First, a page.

Finding the Right Organizing Support: Oh, So Organized!

Over the course of the past couple of weeks, I’ve had fun featuring a number of my colleagues from the Institute for Challenging Disorganization (ICD) to give you a feel for the wide range of talents ICD organizers possess.  In addition, to showcasing their talents, I asked them to share a little about their organizational challenges and overcoming those challenges, as well a provide some insight about overcoming disorganization.

LindaSamuelsHDLet’s close out this series by introducing the fabulous Linda Samuels owner of Oh, So Organized! located in Croton on Hudson, NY.  Linda has been in business for 21 years and specializes in working with chronically disorganized clients to help them organize their homes and offices. She loves organizing papers, closets, home offices, kitchens, thoughts, and incorporating coaching into her organizing work.

Linda is an ICD Level V-Master Trainer, which means that she has achieved the highest level of certification that ICD offers.  Specifically, in addition, she holds 10 of the 11 Level I Certificates, 2 Level II Certificates in CD and ADD, Level III Certification-CPO-CD, Level IV-Training Program Coach.  Linda is also a graduate of the Coach Approach for Organizers program.  I would be remiss if I didn’t mention that Linda is ICD’s President Elect and will be assuming the role of President on July 1, 2014.  Congratulations, Linda!  Here’s how Linda responded to some of my questions for her:

What do you most appreciate about being an ICD trained organizer? ICD’s educational program is carefully thought out to provide stepped levels of learning to match your interests and learning goals. It’s not a static program, but one that keeps growing. New classes get introduced and presenters share the latest research and ideas about chronic disorganization. So much of what I’ve learned through my ICD training has helped my clients. I’ve used strategies, shared resources, and gained better understanding of their specific challenges. Even with all the training I’ve had, I continue to take ICD classes, learn from my colleagues, read books, and attend conferences. The learning is ongoing.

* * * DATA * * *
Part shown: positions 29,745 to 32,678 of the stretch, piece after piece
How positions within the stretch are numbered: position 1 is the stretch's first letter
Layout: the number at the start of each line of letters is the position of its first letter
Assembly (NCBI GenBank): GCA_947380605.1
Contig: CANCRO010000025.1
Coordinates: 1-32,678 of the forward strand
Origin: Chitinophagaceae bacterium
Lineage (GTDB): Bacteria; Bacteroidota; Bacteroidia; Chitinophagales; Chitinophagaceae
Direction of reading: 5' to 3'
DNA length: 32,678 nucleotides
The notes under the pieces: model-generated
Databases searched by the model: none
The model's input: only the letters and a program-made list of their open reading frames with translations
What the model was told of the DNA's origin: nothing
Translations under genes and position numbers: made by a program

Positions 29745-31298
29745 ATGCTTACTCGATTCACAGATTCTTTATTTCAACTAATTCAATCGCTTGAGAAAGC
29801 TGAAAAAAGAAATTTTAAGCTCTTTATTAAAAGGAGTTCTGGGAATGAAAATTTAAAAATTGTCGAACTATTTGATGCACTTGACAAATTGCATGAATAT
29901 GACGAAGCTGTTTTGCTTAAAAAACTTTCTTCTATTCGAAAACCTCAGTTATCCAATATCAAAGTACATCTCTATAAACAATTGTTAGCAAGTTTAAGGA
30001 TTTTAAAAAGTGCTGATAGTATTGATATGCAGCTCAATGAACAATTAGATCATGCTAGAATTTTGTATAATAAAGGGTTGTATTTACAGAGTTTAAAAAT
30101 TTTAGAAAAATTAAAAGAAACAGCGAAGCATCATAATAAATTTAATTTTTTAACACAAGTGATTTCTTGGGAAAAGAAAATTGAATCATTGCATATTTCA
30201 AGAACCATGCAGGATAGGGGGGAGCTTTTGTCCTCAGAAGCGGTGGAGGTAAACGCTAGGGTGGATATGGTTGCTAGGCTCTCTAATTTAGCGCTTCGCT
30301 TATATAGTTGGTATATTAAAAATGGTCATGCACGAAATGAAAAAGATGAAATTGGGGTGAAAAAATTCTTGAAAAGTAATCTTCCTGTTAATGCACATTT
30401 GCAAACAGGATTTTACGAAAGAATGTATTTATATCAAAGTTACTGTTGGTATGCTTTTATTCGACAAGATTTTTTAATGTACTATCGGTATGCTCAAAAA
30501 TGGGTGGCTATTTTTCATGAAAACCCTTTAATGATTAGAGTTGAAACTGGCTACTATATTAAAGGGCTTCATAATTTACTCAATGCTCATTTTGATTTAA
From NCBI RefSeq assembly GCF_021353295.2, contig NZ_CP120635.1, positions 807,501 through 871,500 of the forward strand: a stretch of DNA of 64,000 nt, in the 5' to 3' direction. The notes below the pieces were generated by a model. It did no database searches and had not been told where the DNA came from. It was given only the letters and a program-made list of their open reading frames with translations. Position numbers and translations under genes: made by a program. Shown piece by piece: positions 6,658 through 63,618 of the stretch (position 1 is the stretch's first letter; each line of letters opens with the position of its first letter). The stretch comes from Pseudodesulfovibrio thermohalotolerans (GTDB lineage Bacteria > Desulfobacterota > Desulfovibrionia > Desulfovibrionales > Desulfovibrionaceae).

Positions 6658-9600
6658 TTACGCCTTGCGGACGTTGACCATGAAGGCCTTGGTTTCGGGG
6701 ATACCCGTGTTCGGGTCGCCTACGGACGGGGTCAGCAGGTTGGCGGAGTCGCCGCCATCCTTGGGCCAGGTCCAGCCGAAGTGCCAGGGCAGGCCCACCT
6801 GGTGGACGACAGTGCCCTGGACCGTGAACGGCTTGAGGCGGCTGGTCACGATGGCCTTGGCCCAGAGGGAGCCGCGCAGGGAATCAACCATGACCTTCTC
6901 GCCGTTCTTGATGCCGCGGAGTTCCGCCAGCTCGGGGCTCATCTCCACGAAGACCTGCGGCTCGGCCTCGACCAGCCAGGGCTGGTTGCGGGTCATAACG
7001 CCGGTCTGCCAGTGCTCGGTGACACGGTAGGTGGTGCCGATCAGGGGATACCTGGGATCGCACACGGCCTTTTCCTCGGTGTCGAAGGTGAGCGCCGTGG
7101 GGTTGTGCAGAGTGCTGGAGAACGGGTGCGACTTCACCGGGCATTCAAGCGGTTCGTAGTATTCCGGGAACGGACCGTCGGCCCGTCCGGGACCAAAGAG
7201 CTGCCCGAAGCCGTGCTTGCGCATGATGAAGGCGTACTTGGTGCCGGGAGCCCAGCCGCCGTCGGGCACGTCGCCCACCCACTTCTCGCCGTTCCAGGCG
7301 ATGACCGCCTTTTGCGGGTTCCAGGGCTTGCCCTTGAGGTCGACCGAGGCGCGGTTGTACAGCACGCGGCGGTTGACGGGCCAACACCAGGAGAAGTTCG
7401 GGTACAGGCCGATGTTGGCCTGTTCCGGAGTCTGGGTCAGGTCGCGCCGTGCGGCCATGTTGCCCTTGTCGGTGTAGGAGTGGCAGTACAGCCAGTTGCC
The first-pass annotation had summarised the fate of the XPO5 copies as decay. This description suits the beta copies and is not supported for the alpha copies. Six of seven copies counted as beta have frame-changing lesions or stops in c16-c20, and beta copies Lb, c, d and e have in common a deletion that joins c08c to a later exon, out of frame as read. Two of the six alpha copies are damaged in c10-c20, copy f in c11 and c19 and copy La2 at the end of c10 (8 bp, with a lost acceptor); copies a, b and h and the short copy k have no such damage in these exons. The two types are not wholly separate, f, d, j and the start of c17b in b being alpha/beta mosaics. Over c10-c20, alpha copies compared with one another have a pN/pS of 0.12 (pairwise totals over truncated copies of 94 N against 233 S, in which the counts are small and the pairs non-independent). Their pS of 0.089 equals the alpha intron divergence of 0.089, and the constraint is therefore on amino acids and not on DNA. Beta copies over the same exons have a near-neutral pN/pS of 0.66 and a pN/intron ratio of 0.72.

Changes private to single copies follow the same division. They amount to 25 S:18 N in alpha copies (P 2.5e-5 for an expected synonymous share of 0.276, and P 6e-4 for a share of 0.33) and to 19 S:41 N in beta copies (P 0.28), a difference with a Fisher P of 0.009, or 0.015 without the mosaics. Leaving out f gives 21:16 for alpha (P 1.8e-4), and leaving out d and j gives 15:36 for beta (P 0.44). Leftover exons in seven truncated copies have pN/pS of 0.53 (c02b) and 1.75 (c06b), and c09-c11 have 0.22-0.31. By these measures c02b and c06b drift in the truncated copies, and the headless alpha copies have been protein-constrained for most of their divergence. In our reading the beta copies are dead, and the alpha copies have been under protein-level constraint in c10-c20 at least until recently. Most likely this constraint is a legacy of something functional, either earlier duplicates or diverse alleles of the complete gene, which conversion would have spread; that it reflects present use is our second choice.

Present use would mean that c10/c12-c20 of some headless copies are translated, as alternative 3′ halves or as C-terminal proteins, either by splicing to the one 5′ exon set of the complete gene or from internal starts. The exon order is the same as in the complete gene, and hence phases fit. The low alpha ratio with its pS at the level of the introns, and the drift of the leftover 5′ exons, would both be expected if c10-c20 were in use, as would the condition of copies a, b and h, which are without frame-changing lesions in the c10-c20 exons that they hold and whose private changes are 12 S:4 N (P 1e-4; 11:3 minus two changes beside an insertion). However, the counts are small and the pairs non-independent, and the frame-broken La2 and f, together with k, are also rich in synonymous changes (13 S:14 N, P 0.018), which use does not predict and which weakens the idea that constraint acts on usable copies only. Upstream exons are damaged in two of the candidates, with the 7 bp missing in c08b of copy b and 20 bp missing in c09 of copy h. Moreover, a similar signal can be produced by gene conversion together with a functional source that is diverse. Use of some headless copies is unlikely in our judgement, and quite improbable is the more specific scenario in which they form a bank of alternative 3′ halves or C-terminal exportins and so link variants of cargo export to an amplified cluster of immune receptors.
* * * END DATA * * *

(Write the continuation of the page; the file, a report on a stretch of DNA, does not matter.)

How does disorganization show up for you and what have you done /do to overcome it? I’m pretty organized in most areas of my life except for meal planning.  I remember even when our daughters were little, and they’d ask me what we were going to have for dinner, I’d say, “I don’t know I’m not in the kitchen yet.” I’ve always been good at creating meals from whatever was around, but not great about pre-planning for the week. My workaround is recognizing that I’m OK with not being organized in every area. I try to have the right food supplies on hand IF I want to cook, but beyond that, I’ve let go of the meal planning dream. What’s fascinating to me is that our oldest daughter happens to be an amazing cook, who is really good about planning. I’ve learned and continue to learn a lot from her.

What do you most want readers to know about overcoming disorganization? Getting organized is a process. It takes time, patience, creativity, flexibility, and maintenance. We think and learn in different ways. There is no one or right way to organize. The key is being willing to invest the time and resources to identify your strengths, create systems based on those, and design environments to support who you are and how you want your spaces to function. It’s not a matter of being perfectly organized, but getting organized enough so that we can focus our energy on the people, places, and activities that are most meaningful.

Click on these links to catch up with Linda at TwitterFacebook or Pinterest.

Thanks for following this series.  I hope you’ve enjoyed meeting these ICD Organizers as much as I’ve enjoyed featuring them.